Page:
The Disavow Links Tool was released by Google last October. Its purpose is to enable you to identify low quality links and request that Google not take such links into account when calculating your PageRank. You can therefore reduce the effect of link spam or irrelevant links on your web pages.
What Links Can Harm Your Page Ranking?
Google lists web pages, not entire domains or websites. However, while each page is fundamentally indexed and listed on its own merits, your entire domain could suffer if you are using low quality links on numerous pages.
What is a low quality link? Here are some examples:
Paid links: You have paid for backlinks to be generated by a third party.
Irrelevant links: Links from pages that have no relevance to your target page content.
Reciprocal links: Excessive link exchanges – some may be acceptable, but only Google knows what is ‘excessive.’ This is often associated with the irrelevant links mentioned above.
Low Quality Articles: Links from poorly written articles. If you pay a small amount for a large number of articles they are likely badly written. This will harm your ranking.
Comment Spam: Software-generated comments on other people’s blogs.
Web Spam: Links from web spammer sites.
Automated Links: Software generated links or automated programs that create links.
Contextual Links: You often see these in blue on passages of online text. The links appear to be irrelevant to the topic of the page. These are software generated and can result in your PageRank being reduced and your listing being harmed if they are linked to your website.
Keep in mind that we are discussing links to your web pages. Links from your web pages to spammy sites will also harm your ranking, but you can remove these manually yourself. You cannot remove links published on other websites (more on this below).
When to Use the Disavow Links Tool
Matt Cutts of Google recommends that the Disavow Links Tool be used sparingly and only as a last resort. Matt emphasis that “most people do not need to use this tool.” He describes it as a tool for power users, not the home user or regular business.
He recommends that you use Google Webmaster Tools to get a list of your backlinks and check the most recent first. If you believe that your site or individual pages are being harmed by links over which you have no control, you should ask the webmaster of the other site to remove them. If this fails, then you can use the Disavow tool to flag them so that Google ignores them.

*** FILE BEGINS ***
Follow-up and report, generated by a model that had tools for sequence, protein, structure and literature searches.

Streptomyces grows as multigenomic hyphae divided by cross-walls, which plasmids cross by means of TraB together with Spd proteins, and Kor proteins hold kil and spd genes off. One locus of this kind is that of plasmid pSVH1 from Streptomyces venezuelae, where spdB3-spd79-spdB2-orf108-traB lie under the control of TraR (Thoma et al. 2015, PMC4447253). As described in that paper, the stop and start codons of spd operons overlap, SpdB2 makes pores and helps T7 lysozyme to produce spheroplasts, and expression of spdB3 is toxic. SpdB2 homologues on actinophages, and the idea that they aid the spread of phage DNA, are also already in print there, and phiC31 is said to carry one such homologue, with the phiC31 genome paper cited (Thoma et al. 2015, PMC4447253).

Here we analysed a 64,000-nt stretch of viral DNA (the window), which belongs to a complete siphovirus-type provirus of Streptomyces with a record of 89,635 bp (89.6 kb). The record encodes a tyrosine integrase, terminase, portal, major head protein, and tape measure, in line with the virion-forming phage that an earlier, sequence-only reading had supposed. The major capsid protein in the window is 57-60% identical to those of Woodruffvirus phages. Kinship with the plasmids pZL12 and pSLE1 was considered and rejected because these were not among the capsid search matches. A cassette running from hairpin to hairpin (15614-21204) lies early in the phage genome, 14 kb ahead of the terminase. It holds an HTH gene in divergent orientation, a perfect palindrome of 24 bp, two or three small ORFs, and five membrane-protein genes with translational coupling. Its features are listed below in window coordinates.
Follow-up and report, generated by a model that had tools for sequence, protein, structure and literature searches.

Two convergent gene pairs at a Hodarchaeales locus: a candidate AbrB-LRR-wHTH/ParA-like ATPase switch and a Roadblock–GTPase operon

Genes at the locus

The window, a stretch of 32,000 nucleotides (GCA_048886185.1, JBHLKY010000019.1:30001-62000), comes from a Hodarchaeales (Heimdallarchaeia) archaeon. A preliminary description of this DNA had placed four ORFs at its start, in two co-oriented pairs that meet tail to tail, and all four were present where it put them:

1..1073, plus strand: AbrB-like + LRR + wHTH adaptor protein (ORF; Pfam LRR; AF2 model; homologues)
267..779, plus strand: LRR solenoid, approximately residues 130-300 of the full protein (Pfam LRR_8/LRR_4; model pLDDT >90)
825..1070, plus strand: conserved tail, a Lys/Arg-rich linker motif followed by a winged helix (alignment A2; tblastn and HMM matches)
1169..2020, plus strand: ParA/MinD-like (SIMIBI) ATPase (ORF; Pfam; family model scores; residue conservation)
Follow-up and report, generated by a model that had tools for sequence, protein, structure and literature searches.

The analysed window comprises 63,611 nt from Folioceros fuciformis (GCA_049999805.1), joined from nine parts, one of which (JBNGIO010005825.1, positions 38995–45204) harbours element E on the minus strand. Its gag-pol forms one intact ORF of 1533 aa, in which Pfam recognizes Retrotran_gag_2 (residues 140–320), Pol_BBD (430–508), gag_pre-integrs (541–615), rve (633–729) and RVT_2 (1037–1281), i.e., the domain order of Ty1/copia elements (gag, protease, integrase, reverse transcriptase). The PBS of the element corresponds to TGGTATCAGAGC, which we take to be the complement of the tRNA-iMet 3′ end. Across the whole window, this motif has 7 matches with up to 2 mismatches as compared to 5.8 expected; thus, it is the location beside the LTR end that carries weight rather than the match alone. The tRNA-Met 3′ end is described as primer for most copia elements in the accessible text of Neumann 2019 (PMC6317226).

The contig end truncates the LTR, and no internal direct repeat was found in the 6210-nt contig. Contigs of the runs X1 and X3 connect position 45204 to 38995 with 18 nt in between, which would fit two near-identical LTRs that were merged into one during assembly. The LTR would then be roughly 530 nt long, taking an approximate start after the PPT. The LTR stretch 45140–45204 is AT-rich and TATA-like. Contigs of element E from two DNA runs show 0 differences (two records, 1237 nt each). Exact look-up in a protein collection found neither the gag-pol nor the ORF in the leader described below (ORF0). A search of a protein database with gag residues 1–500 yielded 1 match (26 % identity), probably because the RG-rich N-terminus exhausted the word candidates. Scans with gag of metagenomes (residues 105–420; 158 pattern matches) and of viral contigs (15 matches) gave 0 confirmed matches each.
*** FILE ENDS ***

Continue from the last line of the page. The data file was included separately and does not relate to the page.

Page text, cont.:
Examples of How Bad Links Can be Generated
You made a charity donation in return for a link that happened to be sandwiched between links to a Pharma company and an adult site.
You made comment on a blog relating to casino gambling, leaving a link back to your pet food page.
You paid for links that were generated from a wide range of websites totally irrelevant to your niche.
You belong to a reciprocal linking service that offers you links in return for you publishing the links of others: in each case they are published on ‘links pages.’
You have links on a site that relates to your niche, but on which many others have disavowed their links. Google may regard this as a suspicious site.
Google, through Matt Cutts, has clearly stated that this tool should be used sparingly and only when necessary. It will not remove the link from another person’s website, but will exclude it from the ranking calculation in much the same way as the ‘nofollow’ attribute does (Matt’s words). It will take about a week to come into effect, but much longer to reverse!
This is not intended as a Google Disavow Links Tool tutorial, but simply to set your mind at rest that it is no big deal to most people. Those that have employed dubious linking strategies in the past, or even that still do so, will have more reason to be interested in it.
What was acceptable many moons ago is not acceptable now, and link-building software services, paid links, auto-blogging and auto-comment services are no longer acceptable to Google. Neither are badly written articles with poor content and grammar, and articles created by scraping the web. You may want to disavow links from such publications.
Google has intensified its campaign against such automatic generation of content and is seeking natural hand-written articles and website information. The Google Disavow Links Tool is just one more way of Google enabling you to meet its requirements. In the words of Matt Cutts himself: “Most need not use it – only a very small number of people, and if used indiscriminately you could shoot yourself in the foot.”
Article by Peter Nisbet. If you are concerned about the Google Disavow Links Tool then check out Pete’s website, Article Services. Pete offers and article writing and high quality article submission service second to none that provides you with genuine links that will improve your PageRank and search engine listing position.